Think of stone as reflective of mountains in the landscape. Usually, stone will be used in natural, uncut forms in these landscapes. For example, where a Western garden might feature a neat terrace garden on a slope, an Eastern garden will place large rocks haphazardly throughout the slope to reflect a more naturally occurring situation.
Japanese gardens regularly feature groupings of natural stones of various sizes. This might be a focal point, but it also works as a great border between sections of the landscape. In a traditional Asian garden, group uneven numbers of rocks together with uneven spacing between them to mimic a natural look. No straight lines in your Asian garden. Traditionally, rocks should be placed in the same positions in which they were found in nature. Mix sizes, colors, and types of rocks to form beautiful groupings.
Of course, Asian gardens feature traditional borders like rock walls to great effect. Chinese gardens in particular make use of many walls to section off garden areas; in this way, each section is a separate outdoor room. Asian rock walls often resemble rock piles and are seldom given a "finished" look the way rammed earth walls have in Western gardens.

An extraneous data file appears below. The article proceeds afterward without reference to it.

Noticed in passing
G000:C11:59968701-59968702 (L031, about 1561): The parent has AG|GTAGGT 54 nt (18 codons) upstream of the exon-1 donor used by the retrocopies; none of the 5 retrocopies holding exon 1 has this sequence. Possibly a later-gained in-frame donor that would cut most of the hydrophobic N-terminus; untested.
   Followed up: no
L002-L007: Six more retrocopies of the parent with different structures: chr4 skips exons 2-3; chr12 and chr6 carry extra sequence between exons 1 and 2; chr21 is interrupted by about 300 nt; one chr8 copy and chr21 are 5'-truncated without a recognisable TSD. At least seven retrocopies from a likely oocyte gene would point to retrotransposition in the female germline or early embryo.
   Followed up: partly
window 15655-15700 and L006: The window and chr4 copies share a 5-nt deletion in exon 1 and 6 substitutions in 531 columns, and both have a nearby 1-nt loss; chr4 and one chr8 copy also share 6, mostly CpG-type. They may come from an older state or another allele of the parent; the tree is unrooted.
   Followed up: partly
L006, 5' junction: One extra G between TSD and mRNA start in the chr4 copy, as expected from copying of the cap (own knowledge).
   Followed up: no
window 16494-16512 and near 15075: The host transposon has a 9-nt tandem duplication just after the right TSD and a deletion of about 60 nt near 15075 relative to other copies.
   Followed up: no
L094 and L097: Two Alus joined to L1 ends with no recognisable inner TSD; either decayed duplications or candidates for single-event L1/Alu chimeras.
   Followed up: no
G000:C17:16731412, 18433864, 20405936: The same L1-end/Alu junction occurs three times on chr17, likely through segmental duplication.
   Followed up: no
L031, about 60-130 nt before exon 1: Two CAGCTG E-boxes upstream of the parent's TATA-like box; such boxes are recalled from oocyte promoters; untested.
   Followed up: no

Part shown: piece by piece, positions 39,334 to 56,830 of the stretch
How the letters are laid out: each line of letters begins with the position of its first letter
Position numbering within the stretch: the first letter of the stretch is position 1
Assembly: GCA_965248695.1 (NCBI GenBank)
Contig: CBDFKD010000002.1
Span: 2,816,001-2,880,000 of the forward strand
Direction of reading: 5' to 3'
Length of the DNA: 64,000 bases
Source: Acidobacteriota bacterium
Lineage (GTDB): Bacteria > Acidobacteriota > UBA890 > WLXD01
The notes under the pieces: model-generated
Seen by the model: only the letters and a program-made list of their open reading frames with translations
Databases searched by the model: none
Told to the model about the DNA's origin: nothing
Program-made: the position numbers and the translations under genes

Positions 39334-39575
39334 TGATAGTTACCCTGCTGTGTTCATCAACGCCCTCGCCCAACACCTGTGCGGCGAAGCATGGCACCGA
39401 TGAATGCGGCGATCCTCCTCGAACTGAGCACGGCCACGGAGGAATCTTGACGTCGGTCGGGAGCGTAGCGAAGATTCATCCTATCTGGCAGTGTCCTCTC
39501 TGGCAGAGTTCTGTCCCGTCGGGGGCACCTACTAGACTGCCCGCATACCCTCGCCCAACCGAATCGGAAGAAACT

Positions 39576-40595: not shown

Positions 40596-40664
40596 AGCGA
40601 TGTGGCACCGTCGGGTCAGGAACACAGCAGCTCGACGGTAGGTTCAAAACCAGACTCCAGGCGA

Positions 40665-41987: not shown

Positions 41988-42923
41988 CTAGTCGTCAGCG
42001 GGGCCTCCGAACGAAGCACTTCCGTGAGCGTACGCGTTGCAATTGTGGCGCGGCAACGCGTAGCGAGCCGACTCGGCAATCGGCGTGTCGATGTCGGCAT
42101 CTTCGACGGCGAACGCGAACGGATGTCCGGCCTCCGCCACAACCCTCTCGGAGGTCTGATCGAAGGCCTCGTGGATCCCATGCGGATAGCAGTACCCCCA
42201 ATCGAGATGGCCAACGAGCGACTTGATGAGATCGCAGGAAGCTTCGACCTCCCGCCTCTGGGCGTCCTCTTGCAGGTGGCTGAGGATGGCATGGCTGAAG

TIP: Rachel advises, "Cut rocks are sold especially for the purpose of being mortar-less. These stackable rocks make stable walls even without the use of mortar to glue them together. You can buy these rock kits at garden supply stores or order them online."
Eastern gardens generally feature small rock elements as well. A rock with a dip to collect water becomes a simple basin for a traditional Japanese tea garden. A miniature rock wall acts as a support for a small cascade in a Japanese courtyard garden. If the garden happens to be in a dry climate where water is not easily kept, pools or streams of gravel can be installed to reflect the element of water even though it is not present.